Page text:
Manufacturers can use synthetic fibers or other nutrients to boost their nutrition label, the ingredient list can better clue us in.

SIMILAR ARTICLES & IDEAS:

Natural

The term is not formally defined by the Food and Drug Administration. But, the government agency doesn't object to the use of the term if the food does not contain added color, artificial...

Organic

The term organic doesn't necessarily mean healthy, as evidenced by organic candies and baked goods. Once again, when buying packaged food, the real litmus test is the ingredient list.

The Organic Seal indicates that food was produced without industrialized substances and under humane conditions. It goes from “100% organic” to "Made With Organic Ingredients"(the product was made with a minimum of 70% organic ingredients, with restrictions on the remaining 30%, including no GMOs.)

Local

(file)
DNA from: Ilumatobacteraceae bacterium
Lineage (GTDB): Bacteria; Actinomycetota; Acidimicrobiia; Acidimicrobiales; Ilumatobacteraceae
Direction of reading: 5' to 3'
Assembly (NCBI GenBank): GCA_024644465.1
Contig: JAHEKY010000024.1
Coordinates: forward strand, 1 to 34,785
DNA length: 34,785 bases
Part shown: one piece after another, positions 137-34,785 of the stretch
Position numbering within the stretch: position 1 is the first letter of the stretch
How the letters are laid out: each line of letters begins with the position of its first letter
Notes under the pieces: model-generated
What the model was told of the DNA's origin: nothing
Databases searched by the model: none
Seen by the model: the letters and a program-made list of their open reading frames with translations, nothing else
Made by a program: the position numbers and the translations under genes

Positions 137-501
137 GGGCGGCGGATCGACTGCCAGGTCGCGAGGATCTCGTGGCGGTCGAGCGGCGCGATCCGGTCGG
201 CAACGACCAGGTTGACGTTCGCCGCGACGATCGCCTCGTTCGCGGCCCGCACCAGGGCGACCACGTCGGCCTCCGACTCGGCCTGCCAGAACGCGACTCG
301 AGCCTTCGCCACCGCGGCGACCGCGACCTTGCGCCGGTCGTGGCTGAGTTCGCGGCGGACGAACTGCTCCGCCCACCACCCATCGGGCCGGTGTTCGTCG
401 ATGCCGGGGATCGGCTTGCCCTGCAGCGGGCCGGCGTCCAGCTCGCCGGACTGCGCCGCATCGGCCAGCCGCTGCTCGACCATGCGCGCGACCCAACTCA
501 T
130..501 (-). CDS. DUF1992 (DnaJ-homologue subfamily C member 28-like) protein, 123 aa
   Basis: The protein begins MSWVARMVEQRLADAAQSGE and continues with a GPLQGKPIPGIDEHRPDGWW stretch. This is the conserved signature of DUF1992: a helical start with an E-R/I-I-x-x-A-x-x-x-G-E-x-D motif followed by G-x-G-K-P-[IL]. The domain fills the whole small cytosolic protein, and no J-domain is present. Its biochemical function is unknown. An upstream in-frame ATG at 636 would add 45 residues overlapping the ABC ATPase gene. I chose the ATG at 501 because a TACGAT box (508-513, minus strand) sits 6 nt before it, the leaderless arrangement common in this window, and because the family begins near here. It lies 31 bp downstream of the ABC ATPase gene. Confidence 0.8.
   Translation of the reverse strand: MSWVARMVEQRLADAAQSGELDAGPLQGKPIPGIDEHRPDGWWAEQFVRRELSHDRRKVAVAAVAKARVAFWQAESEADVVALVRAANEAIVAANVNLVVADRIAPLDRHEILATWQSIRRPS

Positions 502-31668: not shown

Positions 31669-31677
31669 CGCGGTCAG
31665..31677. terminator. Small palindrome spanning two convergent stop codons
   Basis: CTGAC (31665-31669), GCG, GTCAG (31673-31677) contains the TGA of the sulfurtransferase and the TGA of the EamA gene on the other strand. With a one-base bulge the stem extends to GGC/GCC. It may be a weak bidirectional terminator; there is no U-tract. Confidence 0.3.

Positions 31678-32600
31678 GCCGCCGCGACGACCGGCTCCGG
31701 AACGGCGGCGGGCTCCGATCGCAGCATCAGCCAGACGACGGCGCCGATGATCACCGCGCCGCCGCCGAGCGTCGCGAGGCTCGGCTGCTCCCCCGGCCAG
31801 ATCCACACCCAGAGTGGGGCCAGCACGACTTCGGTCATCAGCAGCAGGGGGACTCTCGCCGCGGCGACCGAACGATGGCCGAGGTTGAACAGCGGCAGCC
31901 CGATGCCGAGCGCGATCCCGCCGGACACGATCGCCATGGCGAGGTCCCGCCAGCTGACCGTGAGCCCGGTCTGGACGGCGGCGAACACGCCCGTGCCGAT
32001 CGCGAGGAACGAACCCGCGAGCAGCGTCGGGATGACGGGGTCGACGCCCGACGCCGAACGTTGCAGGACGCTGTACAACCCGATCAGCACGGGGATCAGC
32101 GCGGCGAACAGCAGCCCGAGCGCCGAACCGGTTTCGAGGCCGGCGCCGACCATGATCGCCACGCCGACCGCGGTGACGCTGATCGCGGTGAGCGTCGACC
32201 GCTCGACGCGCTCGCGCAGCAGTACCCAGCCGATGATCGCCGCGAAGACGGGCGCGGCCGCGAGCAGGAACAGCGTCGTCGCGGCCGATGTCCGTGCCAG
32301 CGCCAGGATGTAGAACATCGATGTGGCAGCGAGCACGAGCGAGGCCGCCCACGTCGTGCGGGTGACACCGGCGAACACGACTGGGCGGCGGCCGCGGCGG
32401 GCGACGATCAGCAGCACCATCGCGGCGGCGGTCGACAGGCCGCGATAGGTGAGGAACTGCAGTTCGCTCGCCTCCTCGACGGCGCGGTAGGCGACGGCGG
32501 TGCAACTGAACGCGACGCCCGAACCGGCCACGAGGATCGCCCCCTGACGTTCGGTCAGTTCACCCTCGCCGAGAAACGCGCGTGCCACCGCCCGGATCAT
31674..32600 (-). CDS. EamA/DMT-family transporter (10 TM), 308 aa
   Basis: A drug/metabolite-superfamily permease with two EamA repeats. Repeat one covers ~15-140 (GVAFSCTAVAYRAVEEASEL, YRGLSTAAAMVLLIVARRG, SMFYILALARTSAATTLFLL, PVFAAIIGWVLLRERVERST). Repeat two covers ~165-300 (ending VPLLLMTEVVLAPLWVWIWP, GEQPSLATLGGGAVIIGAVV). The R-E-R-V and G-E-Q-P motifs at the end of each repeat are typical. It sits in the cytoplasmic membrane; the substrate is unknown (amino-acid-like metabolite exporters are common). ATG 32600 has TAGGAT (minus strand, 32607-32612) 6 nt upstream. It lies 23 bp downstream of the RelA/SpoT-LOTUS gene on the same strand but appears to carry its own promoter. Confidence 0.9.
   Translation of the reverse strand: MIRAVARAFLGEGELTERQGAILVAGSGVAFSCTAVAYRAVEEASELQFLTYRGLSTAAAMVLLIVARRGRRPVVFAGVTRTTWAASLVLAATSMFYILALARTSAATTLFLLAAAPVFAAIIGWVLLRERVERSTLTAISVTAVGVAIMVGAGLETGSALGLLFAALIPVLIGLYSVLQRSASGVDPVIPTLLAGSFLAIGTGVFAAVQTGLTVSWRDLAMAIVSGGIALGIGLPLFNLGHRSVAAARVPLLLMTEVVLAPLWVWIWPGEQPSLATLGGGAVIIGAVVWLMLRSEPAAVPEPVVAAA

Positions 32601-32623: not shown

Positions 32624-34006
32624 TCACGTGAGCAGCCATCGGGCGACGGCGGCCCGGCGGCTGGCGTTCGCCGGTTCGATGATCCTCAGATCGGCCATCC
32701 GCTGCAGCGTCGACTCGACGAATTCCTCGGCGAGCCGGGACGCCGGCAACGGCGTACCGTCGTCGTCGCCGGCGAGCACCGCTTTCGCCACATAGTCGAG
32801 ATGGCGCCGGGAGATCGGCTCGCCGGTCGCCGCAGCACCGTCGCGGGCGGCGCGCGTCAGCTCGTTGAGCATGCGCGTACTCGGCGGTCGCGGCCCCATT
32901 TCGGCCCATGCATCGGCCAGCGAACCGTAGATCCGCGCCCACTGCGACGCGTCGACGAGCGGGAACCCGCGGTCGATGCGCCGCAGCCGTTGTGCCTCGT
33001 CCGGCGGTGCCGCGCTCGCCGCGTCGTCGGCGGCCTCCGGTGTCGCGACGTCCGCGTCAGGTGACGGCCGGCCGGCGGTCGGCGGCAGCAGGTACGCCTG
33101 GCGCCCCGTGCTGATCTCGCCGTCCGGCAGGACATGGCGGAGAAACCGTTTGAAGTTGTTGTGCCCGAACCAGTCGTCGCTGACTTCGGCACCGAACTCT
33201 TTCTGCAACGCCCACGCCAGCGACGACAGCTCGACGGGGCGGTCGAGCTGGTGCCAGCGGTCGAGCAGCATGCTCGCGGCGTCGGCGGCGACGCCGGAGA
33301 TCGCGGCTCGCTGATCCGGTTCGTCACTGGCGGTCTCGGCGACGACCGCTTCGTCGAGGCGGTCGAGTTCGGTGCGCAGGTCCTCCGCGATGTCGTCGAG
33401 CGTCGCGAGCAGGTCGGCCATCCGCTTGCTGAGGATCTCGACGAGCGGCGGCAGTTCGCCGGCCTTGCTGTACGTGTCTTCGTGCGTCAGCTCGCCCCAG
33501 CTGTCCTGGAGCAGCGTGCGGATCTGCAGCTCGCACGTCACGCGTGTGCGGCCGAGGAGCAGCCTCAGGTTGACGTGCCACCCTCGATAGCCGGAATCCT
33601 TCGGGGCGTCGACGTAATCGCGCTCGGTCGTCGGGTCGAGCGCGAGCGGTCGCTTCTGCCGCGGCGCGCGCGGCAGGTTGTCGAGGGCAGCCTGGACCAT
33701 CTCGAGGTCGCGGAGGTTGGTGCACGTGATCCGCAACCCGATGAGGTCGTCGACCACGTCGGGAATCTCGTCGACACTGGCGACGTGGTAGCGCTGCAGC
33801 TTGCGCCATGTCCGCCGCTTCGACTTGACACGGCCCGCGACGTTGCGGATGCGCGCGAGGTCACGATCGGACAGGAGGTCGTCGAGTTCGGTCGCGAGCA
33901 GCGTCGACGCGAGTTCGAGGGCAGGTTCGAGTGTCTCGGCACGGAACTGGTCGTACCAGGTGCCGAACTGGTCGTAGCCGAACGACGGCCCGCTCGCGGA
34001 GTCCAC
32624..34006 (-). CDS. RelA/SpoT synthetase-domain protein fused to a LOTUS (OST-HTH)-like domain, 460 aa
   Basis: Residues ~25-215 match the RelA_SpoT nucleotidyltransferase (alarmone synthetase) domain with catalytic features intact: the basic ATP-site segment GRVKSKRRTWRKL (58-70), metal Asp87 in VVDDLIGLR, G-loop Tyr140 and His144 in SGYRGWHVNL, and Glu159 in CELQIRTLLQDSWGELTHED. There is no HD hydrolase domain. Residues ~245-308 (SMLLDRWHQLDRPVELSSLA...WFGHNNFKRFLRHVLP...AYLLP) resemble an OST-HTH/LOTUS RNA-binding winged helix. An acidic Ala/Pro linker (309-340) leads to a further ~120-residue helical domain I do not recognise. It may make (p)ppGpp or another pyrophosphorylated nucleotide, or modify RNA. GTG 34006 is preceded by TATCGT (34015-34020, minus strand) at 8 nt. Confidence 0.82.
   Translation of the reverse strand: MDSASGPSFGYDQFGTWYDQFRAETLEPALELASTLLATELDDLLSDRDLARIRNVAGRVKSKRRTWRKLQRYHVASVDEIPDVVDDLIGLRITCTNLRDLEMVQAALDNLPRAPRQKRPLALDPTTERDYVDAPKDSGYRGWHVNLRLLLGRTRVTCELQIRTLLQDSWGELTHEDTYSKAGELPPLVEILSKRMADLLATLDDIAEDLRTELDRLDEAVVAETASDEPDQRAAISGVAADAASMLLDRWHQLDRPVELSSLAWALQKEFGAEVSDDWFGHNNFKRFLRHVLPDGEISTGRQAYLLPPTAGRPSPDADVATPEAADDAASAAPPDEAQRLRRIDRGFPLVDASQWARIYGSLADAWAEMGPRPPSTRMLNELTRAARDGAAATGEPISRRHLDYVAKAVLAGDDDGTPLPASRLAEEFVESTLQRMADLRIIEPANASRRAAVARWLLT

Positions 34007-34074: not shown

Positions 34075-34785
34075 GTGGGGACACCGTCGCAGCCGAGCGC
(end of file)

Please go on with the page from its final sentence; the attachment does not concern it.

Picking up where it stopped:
There is no formal national definition for the term local. What local does not mean is organic or more nutritious, which is something many believe.

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'Clean eating' is the most widely followed diet
'Clean eating' is the most widely followed diet

Clean eating can best be described as a holistic approach to finding foods that are fresher, less processed, and a higher quality. The broader idea comes from the belief that your ...

Clean eating mindset

Clean eating is about choosing whole foods and ingredients, products that are minimally processed, and as additive-free as possible. It is not a punishing mindset, but a prioritising one:

  • Whole foods and ingredients first.
  • Minimally processed foods made with whole and familiar ingredients.